Come in and speak with one of our nurses to find which treats or toys would be most suitable for your pet.
Professional dental care:
Our main aim is always prevention through good oral hygiene. However, in cases where the disease already existsit is necessary to:
Scale and polish the teeth to remove the hardened calculus and plaque.
Examine and determine the amount of damage to the bone and tooth ligaments.
Extract any teeth that are impossible to save
Ultrasonic scaling & polishing:
Here at Chancellor Park Veterinary Surgery we are fully equipped to perform dental prophylaxis procedures. In order to do this we utilise an ultrasonic scaler for specialized cleaning of the teeth as well as high-speed drills and a polishing unit. Our specialised ultrasonic scaler scaler allows us to clean effectively and safely along the tooth as well as under the gumline; which is extremely important.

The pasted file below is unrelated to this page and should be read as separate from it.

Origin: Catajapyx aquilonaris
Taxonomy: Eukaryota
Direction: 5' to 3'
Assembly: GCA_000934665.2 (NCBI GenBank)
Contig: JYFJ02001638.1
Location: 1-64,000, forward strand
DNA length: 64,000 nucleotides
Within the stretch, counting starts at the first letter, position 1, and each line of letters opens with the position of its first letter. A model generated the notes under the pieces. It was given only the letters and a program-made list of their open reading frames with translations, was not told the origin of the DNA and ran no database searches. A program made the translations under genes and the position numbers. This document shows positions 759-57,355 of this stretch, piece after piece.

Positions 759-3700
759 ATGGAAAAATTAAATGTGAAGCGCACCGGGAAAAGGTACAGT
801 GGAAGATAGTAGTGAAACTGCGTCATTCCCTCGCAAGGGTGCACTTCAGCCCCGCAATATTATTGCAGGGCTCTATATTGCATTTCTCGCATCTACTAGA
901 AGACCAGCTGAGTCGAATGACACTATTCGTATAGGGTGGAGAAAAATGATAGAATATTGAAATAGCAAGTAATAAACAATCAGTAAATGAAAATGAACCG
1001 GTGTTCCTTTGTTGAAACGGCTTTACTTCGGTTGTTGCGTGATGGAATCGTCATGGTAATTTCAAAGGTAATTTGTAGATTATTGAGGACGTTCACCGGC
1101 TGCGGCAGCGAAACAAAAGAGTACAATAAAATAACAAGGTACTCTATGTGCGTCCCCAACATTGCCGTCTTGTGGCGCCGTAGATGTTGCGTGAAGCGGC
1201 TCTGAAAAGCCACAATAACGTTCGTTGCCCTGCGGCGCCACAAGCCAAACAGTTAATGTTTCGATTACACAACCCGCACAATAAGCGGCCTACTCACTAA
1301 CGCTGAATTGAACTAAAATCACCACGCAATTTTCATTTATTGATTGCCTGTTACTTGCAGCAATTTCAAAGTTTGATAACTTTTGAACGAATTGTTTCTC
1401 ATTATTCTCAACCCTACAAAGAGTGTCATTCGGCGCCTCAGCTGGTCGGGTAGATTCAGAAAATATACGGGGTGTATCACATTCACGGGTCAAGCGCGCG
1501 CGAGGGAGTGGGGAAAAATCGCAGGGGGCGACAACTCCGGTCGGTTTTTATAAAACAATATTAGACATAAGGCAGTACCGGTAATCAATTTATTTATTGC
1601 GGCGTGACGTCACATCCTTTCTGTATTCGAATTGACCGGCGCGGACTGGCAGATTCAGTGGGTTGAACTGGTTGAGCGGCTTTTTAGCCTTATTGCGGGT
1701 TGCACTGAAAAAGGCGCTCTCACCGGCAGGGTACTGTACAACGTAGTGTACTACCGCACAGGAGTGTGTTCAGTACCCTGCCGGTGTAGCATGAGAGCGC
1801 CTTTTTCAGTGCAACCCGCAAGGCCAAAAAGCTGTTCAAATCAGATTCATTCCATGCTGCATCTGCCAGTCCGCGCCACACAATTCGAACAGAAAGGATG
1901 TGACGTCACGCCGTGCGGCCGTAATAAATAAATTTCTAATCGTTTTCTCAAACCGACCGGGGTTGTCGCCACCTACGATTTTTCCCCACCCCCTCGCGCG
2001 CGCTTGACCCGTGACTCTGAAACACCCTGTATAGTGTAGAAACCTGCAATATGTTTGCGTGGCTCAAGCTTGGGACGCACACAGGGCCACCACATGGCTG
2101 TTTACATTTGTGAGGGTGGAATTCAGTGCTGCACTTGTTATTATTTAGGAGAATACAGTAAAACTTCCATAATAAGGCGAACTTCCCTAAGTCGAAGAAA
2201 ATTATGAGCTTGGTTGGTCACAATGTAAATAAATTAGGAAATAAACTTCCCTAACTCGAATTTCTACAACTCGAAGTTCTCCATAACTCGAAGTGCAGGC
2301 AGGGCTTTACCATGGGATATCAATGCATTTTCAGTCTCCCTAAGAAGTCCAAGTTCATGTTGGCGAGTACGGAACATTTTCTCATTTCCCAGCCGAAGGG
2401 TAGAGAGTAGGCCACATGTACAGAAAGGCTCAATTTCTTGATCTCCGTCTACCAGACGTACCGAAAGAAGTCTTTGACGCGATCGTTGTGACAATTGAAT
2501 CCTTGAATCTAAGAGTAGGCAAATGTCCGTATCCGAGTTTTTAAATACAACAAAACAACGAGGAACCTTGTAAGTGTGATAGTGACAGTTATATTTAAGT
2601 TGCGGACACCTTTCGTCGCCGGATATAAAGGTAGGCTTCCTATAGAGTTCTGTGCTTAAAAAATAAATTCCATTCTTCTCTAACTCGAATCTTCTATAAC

A routine dental prophylaxis is generally a day procedure; by which you drop your pet off in the morning and collect them the same afternoon.
You will need to set aside 15mins of your time for the check-in process and mini consultation with the veterinarian before leaving your pet with us for the day.
Once they have been anaesthetised,the surgeon can complete a thorough oral exam to evaluate the severity of your pet’s periodontal disease. The surgeon must look for and assess fractured orabscessed teeth, oral tumours, bite abnormalities and other potential problems.
The scaling procedure involves removing calculus from above and below the gum line, followed by a polish.
Sometimes it is necessary to perform tooth extractions. Please rest assured that no pet in our clinic has teeth needlessly removed, and will be given pain relief following the procedure.